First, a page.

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Biomaterials. 2004 Aug;25(18):4465-77.

Effects of resin composite composition and irradiation distance on the performance of curing lights.

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Department of Dental Clinical Sciences, Dalhousie University, Halifax, Nova Scotia, Canada B3H 3J5.


This study determined the effect of using five resin composites and two irradiation distances to test the performance of dental curing lights. Three types of curing lights with similar spectral distributions, but each delivering a different power density, were used for irradiation times ranging from 3 to 60 s. Power densities were measured at 2 and 9 mm from the tip of the light guide. Five composites 1.6 mm thick and of the same shade were irradiated at 2 and 9 mm from the light guide with energy densities of 1.2-38.0 J/cm(2). The Knoop hardness at the top and bottom of the composite specimens was measured 15 min after irradiation and again after immersion in water at 37 degrees C for 24 h. There was a linear relationship between the hardness and the logarithm of the energy density received by the composite (r2 > 0.81). The analysis of variance showed that the composite, the side tested, the distance from the light guide, and the curing light/irradiation time combination all had a significant effect on the hardness (p < 0.01). Plots of the hardness at the bottom 15 min after irradiation by each light were generated for all the composites. These plots illustrated that the effects of the different curing light/irradiation time combinations on hardness were not the same for each composite. The effects of each curing light/time combination on hardness were also different at 2 and 9 mm from the light guide. In conclusion, when comparing the effects of different light sources on resin polymerization, several different composites should be irradiated at clinically relevant distances from the light guide. Using high-powered curing lights for 3 or 5 s did not deliver sufficient energy to cure the 1.6-mm thick specimens of composites used in this study.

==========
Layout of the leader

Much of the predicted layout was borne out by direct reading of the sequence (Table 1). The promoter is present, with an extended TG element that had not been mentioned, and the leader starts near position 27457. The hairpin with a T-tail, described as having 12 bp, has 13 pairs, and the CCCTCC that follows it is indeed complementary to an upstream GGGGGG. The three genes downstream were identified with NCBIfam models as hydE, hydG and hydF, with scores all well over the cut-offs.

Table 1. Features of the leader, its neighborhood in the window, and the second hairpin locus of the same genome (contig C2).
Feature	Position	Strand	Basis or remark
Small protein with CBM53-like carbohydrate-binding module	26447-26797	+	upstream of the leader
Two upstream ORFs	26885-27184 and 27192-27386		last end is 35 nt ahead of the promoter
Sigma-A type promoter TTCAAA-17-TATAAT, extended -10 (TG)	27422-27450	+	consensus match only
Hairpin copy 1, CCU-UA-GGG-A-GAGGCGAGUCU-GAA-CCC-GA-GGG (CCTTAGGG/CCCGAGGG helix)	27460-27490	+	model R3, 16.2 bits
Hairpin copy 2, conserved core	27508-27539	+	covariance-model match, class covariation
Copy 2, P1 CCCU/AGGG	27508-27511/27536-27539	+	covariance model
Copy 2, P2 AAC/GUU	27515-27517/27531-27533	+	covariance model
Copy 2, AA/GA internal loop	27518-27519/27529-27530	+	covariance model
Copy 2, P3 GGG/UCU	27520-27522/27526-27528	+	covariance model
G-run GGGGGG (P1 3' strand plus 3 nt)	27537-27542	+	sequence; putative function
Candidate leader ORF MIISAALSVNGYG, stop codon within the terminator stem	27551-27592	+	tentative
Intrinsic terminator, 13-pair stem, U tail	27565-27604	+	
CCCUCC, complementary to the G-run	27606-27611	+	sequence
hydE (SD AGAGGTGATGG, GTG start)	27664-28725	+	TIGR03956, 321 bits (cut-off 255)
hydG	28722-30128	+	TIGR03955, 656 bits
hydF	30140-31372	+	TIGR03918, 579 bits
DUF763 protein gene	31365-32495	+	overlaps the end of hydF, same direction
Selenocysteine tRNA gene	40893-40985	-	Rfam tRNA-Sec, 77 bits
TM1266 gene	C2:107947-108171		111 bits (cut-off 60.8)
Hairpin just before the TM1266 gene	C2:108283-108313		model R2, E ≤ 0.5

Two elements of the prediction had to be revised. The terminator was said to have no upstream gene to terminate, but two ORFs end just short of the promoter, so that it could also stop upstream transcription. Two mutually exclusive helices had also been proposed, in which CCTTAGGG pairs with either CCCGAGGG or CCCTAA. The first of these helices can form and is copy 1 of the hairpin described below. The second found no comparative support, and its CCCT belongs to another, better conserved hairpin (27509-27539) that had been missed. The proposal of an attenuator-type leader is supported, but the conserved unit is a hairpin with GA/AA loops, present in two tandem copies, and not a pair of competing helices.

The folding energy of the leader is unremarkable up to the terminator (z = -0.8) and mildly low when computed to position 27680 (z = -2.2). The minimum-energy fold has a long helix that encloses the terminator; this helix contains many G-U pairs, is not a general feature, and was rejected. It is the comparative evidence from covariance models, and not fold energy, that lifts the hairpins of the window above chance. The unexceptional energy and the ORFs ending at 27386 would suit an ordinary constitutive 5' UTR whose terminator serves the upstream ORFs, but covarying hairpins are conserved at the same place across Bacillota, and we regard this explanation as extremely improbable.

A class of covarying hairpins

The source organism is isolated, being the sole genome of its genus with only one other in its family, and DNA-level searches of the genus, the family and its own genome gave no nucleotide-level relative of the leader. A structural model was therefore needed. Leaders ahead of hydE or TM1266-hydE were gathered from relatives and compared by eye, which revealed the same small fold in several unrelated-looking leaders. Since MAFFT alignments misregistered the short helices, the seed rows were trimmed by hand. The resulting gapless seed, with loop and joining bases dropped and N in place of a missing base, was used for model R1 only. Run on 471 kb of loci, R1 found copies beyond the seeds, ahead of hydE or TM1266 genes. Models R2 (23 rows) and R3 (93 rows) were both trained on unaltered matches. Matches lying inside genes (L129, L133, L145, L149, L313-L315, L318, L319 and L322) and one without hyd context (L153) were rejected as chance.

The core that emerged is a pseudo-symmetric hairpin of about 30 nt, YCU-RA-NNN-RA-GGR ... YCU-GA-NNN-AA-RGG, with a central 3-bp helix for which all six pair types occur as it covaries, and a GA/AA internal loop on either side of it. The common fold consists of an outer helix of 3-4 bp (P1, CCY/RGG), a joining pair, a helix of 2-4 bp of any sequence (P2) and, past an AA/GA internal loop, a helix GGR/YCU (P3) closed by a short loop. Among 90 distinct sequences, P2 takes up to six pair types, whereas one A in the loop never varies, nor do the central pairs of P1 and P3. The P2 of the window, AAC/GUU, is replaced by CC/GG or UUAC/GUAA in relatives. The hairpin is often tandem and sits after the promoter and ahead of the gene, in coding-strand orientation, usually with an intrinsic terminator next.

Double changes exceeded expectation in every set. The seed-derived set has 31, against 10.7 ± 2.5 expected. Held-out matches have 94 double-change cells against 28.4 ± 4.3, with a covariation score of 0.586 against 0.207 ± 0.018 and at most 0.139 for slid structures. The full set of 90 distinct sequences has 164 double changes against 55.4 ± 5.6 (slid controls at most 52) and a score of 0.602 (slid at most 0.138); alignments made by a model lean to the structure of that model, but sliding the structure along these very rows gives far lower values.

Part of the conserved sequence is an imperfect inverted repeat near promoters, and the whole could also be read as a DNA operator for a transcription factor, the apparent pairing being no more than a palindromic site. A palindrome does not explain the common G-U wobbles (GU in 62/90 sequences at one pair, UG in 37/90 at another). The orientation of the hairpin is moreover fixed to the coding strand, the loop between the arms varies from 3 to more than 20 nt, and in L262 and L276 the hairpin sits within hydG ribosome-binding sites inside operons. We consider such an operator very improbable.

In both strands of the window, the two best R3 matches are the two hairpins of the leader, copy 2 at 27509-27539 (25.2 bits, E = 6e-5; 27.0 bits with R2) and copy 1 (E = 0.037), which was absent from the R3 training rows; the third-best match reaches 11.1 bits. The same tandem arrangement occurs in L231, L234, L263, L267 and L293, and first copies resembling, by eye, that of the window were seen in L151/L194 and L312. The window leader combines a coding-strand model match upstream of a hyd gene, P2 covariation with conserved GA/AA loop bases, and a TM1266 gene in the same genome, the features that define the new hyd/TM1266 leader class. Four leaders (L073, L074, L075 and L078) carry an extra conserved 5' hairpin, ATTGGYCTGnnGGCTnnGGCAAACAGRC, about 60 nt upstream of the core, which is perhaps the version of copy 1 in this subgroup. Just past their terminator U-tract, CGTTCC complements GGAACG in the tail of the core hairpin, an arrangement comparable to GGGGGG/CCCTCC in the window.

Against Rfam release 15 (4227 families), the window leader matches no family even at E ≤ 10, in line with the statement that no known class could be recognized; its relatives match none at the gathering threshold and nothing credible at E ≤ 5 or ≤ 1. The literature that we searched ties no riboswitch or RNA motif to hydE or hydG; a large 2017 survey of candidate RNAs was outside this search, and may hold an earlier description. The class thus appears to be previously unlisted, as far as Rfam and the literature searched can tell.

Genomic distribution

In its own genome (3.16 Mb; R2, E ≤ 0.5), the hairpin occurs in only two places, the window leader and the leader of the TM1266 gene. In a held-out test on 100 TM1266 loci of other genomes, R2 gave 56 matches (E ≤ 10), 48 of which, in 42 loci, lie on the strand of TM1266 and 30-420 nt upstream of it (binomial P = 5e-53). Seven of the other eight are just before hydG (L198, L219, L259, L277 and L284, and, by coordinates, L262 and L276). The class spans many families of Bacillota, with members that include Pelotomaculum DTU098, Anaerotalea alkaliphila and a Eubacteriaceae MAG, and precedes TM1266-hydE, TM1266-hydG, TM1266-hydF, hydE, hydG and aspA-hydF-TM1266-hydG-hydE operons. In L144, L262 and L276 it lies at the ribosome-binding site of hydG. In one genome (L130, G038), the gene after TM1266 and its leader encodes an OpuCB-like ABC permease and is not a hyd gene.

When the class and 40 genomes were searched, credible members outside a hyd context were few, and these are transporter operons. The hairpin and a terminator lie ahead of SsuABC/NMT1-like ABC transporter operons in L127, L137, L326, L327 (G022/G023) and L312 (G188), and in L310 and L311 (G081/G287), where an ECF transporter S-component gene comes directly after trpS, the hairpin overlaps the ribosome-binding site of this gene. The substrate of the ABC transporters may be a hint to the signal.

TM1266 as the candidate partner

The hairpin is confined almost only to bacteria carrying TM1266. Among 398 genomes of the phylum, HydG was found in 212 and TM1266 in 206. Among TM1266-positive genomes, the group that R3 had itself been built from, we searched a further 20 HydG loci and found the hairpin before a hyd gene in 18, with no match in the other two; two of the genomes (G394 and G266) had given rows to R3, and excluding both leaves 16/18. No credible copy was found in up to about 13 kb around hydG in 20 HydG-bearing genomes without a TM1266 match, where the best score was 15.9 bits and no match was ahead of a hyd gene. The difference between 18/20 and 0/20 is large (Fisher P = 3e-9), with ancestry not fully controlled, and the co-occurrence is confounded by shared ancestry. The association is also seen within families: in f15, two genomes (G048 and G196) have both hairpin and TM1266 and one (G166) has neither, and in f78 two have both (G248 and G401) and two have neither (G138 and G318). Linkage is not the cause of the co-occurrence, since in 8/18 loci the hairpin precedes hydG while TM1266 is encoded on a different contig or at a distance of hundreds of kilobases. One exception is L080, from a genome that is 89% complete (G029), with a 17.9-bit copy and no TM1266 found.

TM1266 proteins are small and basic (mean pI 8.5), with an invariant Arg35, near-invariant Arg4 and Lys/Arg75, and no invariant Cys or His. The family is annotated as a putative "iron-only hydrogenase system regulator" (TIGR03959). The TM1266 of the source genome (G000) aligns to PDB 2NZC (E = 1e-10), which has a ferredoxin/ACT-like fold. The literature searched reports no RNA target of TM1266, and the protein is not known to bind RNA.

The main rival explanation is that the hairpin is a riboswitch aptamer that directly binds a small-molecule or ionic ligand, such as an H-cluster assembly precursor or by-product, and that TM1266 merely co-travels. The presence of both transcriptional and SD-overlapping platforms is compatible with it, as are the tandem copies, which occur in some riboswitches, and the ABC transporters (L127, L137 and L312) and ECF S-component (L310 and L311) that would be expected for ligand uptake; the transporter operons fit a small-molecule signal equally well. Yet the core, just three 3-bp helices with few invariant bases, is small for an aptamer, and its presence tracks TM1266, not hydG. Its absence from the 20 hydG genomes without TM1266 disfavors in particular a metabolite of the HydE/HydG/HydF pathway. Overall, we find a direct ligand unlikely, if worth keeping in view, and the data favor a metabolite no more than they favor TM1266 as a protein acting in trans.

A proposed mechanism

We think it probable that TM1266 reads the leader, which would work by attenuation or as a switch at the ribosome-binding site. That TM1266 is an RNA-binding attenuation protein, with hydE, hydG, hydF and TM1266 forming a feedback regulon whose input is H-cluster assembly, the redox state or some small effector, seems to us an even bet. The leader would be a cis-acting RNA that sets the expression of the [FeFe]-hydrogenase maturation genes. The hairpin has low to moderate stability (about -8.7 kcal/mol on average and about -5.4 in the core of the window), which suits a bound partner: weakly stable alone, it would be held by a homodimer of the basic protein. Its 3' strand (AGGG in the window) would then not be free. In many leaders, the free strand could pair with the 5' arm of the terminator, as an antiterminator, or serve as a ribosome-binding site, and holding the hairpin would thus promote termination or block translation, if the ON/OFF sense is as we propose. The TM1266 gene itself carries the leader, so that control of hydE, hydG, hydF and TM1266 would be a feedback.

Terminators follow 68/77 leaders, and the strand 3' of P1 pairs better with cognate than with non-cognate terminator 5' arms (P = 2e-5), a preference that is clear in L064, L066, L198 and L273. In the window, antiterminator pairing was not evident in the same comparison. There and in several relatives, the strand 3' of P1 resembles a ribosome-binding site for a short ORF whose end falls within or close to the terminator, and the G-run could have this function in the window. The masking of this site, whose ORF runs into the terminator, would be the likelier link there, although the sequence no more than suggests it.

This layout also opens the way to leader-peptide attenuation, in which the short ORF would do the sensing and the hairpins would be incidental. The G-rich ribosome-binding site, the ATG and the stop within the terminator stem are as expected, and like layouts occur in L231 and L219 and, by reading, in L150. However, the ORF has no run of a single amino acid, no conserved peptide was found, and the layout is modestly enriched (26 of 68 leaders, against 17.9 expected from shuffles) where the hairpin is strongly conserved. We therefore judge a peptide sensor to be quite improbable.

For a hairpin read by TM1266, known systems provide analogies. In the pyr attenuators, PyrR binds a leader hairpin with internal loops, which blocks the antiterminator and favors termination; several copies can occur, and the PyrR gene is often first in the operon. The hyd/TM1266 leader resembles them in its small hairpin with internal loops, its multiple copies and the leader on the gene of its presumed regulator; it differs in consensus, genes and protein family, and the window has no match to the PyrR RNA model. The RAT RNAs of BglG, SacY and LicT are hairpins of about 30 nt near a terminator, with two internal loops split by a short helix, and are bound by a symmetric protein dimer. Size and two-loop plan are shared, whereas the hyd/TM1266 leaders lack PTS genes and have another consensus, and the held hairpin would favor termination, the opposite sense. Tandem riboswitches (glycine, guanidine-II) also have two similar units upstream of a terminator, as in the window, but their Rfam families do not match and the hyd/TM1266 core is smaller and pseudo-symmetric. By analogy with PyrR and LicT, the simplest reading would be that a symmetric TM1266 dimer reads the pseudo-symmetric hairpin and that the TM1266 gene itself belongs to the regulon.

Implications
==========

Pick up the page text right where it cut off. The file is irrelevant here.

[Indexed for MEDLINE]

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